Compaq Introduces New AlphaServer

Yesterday, CompaqComputer Corp. took the wraps off its new AlphaServer, introducing thefirst 1GHz Alpha processor. The AlphaServer ES45, a four-way server, and theAlphaServer SC45, a clustered version, are midrange Unix servers designed fortechnical computing.

The ES45 and SC45 can run three different operatingsystems: Compaq’s proprietary Tru64 Unix, Open VMS, and Linux.  Compaq uses Oracle 9i Real ApplicationClusters to create clustered systems from the ES45.

Compaq says the 1GHz Alphas used in the new servers arethe first 64-bit processors to break the 1GHz barrier. Although the chips comea year-and-a-half after the first 1GHz Athlons, industry observers onceexpected the Alpha to be the first of any processors to run at that speed.

Reflecting its DEC roots, the AlphaServer ES45 isdesigned for computation-intensive technical computing applications. Compaqalso announced a flagship customer, the PittsburghSupercomputing Center, which uses a 760-node AlphaServer SC45 cluster. PSCmaintains supercomputers for researchers needing high-performance systems fortheir applications.

Mel Lewandowski, director of high-performance marketingat Compaq, says that although AlphaServers have their roots in scientificresearch, businesses often need the power of technical computing. Applicationsthat require the analysis of large amounts of data, such as businessintelligence and data mining can easily harness the computational power of AlphaServers.She says that although the Top 500Supercomputer List was once dominated by the military and academe, now halfof the computers on the list are in businesses.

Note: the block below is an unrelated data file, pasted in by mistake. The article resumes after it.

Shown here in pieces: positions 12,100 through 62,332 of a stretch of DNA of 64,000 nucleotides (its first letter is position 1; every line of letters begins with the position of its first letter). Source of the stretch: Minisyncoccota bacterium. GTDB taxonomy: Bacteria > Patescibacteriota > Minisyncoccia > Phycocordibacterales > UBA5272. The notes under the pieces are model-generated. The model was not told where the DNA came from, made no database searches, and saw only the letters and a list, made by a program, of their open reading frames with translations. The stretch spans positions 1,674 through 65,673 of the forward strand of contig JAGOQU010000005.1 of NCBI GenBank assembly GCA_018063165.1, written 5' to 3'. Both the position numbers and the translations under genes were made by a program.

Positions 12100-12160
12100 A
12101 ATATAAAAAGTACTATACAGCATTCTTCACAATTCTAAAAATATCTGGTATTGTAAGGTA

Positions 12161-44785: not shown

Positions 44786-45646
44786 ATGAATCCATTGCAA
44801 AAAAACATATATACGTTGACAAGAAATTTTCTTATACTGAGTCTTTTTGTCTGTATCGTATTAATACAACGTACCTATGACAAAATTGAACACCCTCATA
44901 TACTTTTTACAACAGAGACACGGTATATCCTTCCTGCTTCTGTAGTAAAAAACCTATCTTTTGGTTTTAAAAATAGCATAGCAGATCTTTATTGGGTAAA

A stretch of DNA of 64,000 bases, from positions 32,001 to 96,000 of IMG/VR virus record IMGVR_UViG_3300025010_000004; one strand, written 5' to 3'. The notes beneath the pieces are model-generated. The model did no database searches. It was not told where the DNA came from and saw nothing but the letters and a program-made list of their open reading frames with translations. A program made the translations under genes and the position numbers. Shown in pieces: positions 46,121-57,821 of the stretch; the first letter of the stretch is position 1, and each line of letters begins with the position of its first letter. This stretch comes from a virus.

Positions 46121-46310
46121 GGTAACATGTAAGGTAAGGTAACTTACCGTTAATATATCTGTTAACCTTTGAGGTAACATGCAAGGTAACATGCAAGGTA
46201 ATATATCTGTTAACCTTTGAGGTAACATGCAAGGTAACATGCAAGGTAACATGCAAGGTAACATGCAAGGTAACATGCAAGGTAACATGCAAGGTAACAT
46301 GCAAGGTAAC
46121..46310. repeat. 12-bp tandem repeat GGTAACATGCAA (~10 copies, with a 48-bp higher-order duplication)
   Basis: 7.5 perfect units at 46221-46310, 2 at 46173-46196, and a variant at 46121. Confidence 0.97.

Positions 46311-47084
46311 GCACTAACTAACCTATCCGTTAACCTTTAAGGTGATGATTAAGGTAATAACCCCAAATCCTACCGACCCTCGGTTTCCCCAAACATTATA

In addition, Compaq has turned its attention intomaking AlphaServers easy to deploy in the enterprise. “As you take this classof machine into different environments people need it to be easier toconfigure,” Lewandowski says. Compaq has worked to make AlphaServers suitableas database servers, working with Oracle Corp. to produce certified clusterconfigurations.

Although Compaq announced this summer it planned toeventually discontinue the Alpha processor line, moving its servers to IntelCorp’s 32- and 64-bit processors, Lewandowski says Alpha customers have littleto worry about. There will be at least one more generation of Alpha chips, andthe succeeding generation may be Itanium, but customers are receptive to thechange. “The way we developed our roadmap was to continue to listen to whatcustomers needs are,” she says. -Chris McConnell